The Eyes of Tammy Faye, which opens exclusively in theaters this weekend, is notable for its depiction of the rise of the religious right, mainly personified here by Falwell, portrayed with chilling, quiet menace by Vincent D’Onofrio.

It also shows, quite pointedly, how Tammy Faye attempted to bring change to a religious system that wasn’t inclusive. Her defense of the LGBTQ community throughout the film is an irritant to both her husband, later alleged to have had a homosexual affair with his assistant, and to Falwell, who would prefer Tammy Faye keep silent and just sing her Bible-thumping pop songs.

The movie includes a key moment in which Tammy Faye interviews, via closed-circuit TV in 1985, Steve Pieters, a gay man afflicted with HIV/AIDS. (Pieters is still alive and thriving.)

Eyes of Tammy Faye -- Photo: Searchlight
The Eyes of Tammy Faye — Photo: Searchlight

Her interview — depicted here as a rogue event — was historic for both the LGBTQ and religious community, coming at a time when the AIDS epidemic was seen as “a gay plague” and not even addressed publicly by President Reagan. There is no doubt, through Chastain’s portrayal, that Tammy Faye’s heartfelt interview with the man comes from a genuine, loving place.

“No one was more vicious to Tammy Faye than gay men, just because she was so much fun to mock,” says Jones, a member of the LGBTQ community. “All you needed was a knife to the mascara and you were off to the races. And yet everything changed when she interviewed the man who was ill with AIDS. She was able to find a gay man who was a Christian and had Christian faith and who had a family who was loving him unconditionally.

“That she was able to use that as an example of the way all Christians should be embracing those with AIDS — well, when I read that in the script, I just thought how useful a tool that was to show what life can be like when you are kind, with an open heart. That moved me as much as anything in the entire film.”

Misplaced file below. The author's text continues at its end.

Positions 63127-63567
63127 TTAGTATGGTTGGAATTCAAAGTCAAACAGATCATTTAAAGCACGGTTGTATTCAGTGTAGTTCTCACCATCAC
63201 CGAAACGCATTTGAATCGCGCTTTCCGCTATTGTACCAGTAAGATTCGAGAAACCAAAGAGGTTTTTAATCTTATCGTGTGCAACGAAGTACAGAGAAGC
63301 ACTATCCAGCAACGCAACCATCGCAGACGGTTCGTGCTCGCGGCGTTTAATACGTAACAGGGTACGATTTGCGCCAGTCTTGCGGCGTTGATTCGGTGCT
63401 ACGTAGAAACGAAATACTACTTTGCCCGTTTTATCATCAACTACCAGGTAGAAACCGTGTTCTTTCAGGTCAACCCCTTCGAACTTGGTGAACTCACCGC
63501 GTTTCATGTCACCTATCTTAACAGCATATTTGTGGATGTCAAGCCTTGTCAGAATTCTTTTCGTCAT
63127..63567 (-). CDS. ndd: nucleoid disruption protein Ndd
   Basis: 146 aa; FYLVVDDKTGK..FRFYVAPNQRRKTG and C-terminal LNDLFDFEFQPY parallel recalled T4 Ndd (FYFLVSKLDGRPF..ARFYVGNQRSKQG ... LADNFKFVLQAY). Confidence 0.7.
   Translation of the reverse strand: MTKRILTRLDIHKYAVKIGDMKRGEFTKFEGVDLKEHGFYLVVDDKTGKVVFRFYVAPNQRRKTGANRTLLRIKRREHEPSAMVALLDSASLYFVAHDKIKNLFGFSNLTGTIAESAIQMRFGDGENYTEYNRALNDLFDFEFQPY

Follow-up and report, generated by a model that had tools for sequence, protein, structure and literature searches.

“Tammy Faye Bakker meant so much to me because she is a woman who lived her truth openly and shamelessly and in the face of almost insurmountable scorn and humiliation,” says Sylvia. “She kept moving forward.

“For gay men of a certain generation, we didn’t have those role models from within our own community because we weren’t talked about [favorably] by the media. We didn’t have examples on the television.

“So here is this woman who is living out and proud, almost embarrassingly shamelessly. And I think there is an identification, and there’s a transference that happened for me. There is an identification. And then for her to return that love — there is a circle of being seen. Certainly that’s what has always drawn me to her.”

The Eyes of Tammy Faye is playing exclusively in theaters, including Landmark’s E Street Cinema and Bethesda Row Cinema and The Avalon Theatre. Visit www.landmarktheatres.com or www.theavalon.org for showtimes and current COVID policies.